The issue has been highlighted in a new report by the Mental Welfare Commission (MWC) for Scotland, which found that one patient had been in residential care out-of-area for 28 years.

The watchdog said that while the majority of patients they reviewed “were positive about their care and treatment”, families raised concerns about the toll that travelling long distances to see their relative in care was having on relationships.

READ MORE: Death toll of autism and learning disability patients revealed 

Discharging patients was “challenging and slow” due to problems securing funding from the person’s local health board and concerns that their area lacked appropriate services if the patient relapsed.

In addition, the MWC highlighted a lack of clarity around NHS spending on out of area referrals.

According to a census taken in 2022, there are 162 patients from Scotland with mental health issues or learning disabilities who are in out-of-area placements and whose care is funded by – but not provided by – the NHS.

Most are in private facilities and have “highly complex, specialist needs” where it is “said to be more cost effective to send patients out with their own NHS Scotland facilities rather than create dedicated facilities in NHS Scotland”.

HeraldScotland: Referrals usually occur because there is no specialist accommodation for patients in their local area, but it can mean they spend years living tens or hundreds of miles from their familiesReferrals usually occur because there is no specialist accommodation for patients in their local area, but it can mean they spend years living tens or hundreds of miles from their families (Image: PA)

This can include secure care for adolescents, mental health inpatient treatment for deaf people, specialist care for adolescents with learning disabilities, and high secure accommodation for women.

The MWC report focused on 59 individuals.

Of these, 36 had been away from their original board area for four years or more – the longest being 28 years. The average was more than eight years.

The report states that most people had been transferred due to “challenging behaviour” but that “very few had been given any detailed information relating to their move”.

READ MORE: Why are we locking up people with autism and learning disabilities? 

However, most patients “felt that the move had been positive”, including having more staff available to them and more “choice with their care, their daily routine and their activities”.

Most relatives and carers said they were involved in decisions about the patient’s care, but “what was missing were plans for their relative’s discharge, and their involvement with this”.

The report found that discharge planning was problematic, adding: “For the current providers, they identified that getting engagement from the funding health board could be challenging and slow; for the funding service, it was around their concerns relating to a lack of an appropriate local service, and the risk of relapse for the individual”.

The MWC said its “very conservative estimate” is that over £13 million a year is being spent by Scottish NHS services on out of area private care and treatment for the 59 individuals covered by the report.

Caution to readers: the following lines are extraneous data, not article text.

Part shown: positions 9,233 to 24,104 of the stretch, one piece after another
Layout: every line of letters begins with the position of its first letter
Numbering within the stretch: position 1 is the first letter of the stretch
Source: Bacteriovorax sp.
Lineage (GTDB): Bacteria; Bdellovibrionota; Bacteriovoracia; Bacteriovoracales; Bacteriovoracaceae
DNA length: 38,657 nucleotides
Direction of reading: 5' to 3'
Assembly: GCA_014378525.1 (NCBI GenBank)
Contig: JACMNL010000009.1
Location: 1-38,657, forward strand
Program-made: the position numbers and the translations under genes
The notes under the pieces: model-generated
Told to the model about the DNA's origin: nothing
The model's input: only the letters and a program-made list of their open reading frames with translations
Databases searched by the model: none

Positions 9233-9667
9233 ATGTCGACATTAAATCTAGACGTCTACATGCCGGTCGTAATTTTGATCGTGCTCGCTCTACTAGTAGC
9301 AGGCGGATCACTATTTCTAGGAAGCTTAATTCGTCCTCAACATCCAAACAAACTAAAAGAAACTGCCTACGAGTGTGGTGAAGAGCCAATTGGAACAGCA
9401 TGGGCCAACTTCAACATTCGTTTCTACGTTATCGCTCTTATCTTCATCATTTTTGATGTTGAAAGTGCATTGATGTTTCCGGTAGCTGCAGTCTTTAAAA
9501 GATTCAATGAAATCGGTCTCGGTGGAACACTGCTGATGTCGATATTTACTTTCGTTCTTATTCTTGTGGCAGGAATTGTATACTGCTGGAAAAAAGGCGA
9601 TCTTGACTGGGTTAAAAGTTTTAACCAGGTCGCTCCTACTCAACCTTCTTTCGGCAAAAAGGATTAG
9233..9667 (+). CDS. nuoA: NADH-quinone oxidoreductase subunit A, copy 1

However, it expects that the true cost in higher and “considerably higher” for the 162 people in total identified as being treated out of area.

It has issued seven recommendations to the Scottish Government, including more accurate data gathering on out of area placements and a review of how the funding costs for out of area placements are monitored.

It said the Government should also “consider a human rights and health economics-based approach as to whether regional units should be developed for those individuals who are considered at greatest risk of being out of area”.

READ MORE: Thousands of mental health patients travel more than 60 miles for treatment 

Claire Lamza, executive director (nursing) at the MWC, said: “When people with mental ill health or learning disability are placed outwith their NHS health board area for care and treatment, they are likely to have highly complex, specialist needs that have been assessed as not being able to be met by their local health services.

“This report examined in detail the care in place for 59 of the estimated 162 people who are living in out of NHS board areas, almost all of whom are in private sector facilities.

“We were reassured to hear positive feedback from individuals and relatives on the quality of care, but we also heard they were unsure of the plans that were being put in place for a return closer to home and about the impact on relatives of travelling to see their family member, and the toll that this took on their relationship.

“When we sought to clarify with health boards the costs and oversight of these placements we found gaps in information; we believe our funding estimates are likely to be considerably lower than the true costs.”

A spokeswoman for the Scottish Government said it welcomed the report and “will carefully consider its recommendations”, adding: “We expect each NHS Board to have a clear understanding of their patient caseload, whether they are treated locally or elsewhere.

“Initiatives like our Coming Home Implementation Report makes clear it is essential that Scotland provides support and services in a way which ensures that human rights are respected and protected.”

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